It’s a technology showpiece with far more depth than your average launch game.
I know there are wolves down the hallway, but I can’t see them. I know they’re there because they killed me, last time, costing me a couple thousand souls I would’ve loved to use to level up my fresh Demon’s Souls wizard. There’s a whole pack of them, but all I can see down the hallway is a flickering torch on the wall carving out a small patch of light in the darkness. I could cheat by turning the brightness on my TV up, but Demon’s Souls looks too good for me to stoop to that trick. Dreading what I can’t see beyond the torchlight is a big part of the fun in the PS5’s outrageously pretty remake.
I reviewed the PlayStation 5 from the perspective of a PC gamer last week, and we also reviewed the Xbox Series X, which currently doesn’t have much to offer PC gamers that you can’t already get on PC. The PlayStation 5’s controller delivers on the hype, and with the SSD, it is very fast to load and resume games. But the real draw of any Sony console is its exclusive games, and that means Dark Souls. After playing the console launch games, Demon’s Souls is the only one that I feel like PC players are really missing out on.
Back in 2019, I wrote about using the RPCS3 emulator to play Demon’s Souls on PC, with a 60 fps patch in place to improve the game’s framerate. It was impressive performance for a PlayStation 3 emulator even with frequent stuttering as it cached shaders, but after seeing the Demon’s Souls remake in motion, it’s hard to go back. Actually playing it cements how much more fun the Souls games can be when they’re built for a smooth, consistent 60 fps, something developer FromSoftware especially struggled with in Demon’s Souls, Dark Souls, and Bloodborne.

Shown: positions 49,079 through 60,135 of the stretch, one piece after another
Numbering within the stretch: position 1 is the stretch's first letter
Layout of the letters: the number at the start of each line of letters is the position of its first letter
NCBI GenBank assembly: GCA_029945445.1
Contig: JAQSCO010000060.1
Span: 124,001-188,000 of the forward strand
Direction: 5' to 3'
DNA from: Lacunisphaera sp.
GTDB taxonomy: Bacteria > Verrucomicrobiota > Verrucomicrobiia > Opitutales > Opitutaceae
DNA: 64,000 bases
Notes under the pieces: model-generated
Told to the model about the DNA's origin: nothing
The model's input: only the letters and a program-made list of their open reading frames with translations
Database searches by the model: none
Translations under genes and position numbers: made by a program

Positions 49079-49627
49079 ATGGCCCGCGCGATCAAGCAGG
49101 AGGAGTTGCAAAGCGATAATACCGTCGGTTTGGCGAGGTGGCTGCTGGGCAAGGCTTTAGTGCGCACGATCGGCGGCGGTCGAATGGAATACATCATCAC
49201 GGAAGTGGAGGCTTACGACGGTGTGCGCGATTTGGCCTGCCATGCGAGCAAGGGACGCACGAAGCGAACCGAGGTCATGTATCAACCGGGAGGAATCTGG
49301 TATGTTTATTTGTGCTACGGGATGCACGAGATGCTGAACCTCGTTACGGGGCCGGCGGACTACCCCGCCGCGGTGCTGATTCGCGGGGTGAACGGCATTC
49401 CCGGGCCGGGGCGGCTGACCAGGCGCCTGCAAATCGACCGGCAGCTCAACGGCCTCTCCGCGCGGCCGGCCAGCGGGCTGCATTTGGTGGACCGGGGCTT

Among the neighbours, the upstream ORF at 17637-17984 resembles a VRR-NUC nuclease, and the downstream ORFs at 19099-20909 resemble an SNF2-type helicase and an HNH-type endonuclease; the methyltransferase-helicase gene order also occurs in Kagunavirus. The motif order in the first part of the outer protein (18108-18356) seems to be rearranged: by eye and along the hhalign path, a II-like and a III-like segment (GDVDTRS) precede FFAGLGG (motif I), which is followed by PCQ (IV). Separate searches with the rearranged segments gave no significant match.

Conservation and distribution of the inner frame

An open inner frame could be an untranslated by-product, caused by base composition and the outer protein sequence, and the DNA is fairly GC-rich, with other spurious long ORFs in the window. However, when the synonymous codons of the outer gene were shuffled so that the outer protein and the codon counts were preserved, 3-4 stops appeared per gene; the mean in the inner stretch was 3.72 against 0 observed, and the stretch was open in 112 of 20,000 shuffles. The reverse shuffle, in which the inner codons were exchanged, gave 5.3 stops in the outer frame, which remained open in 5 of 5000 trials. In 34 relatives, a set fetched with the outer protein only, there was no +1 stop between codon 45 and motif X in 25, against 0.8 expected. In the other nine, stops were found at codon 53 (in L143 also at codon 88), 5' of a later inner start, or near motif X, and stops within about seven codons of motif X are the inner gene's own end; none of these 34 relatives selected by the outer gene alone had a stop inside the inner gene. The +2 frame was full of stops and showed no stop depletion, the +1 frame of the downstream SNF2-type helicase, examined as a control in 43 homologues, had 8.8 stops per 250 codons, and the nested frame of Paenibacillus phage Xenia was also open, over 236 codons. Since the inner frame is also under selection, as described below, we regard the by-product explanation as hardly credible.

The Demon’s Souls remake is built for 60 fps, and runs at 1440p on the PS5. I’d love to be able to output that resolution natively to my gaming monitor, but upscaled to 4K on my TV, it still looks phenomenal—especially with HDR enhancing the light and shadows.
Fans are already scrutinizing developer Bluepoint’s artistic decisions in the remake, pointing out how certain architectural changes affect the ambiance, or how character designs miss the essence of the originals. That discussion will probably last years, and I’m sure there’s both good and bad in an adaptation this size. For me, it’s the audio that sticks out—enemy grunts and yells sound weirdly over-aggressive, weapon sound effects feel overdone, and the bombastic orchestral score doesn’t seem like a good fit for this austere remnant of a world.
But those are nitpicks of what I still think is the strongest game in the next-gen launch lineup.
The Demon’s Souls remake isn’t just a prettier version of a unique RPG. The lighting adds so much to the atmosphere, making it more foreboding to inch forward through the darkness. Whatever bit of ambiance the remake loses from tweaked architecture it gains back in the awe of looking up at an imposing castle of this fidelity. And the heart of the Souls games has always been how they balance lonely exploration with the camaraderie of other players’ messages, ghosts, and summons. This release offers Demon’s Souls the opportunity to come alive again with millions of new players.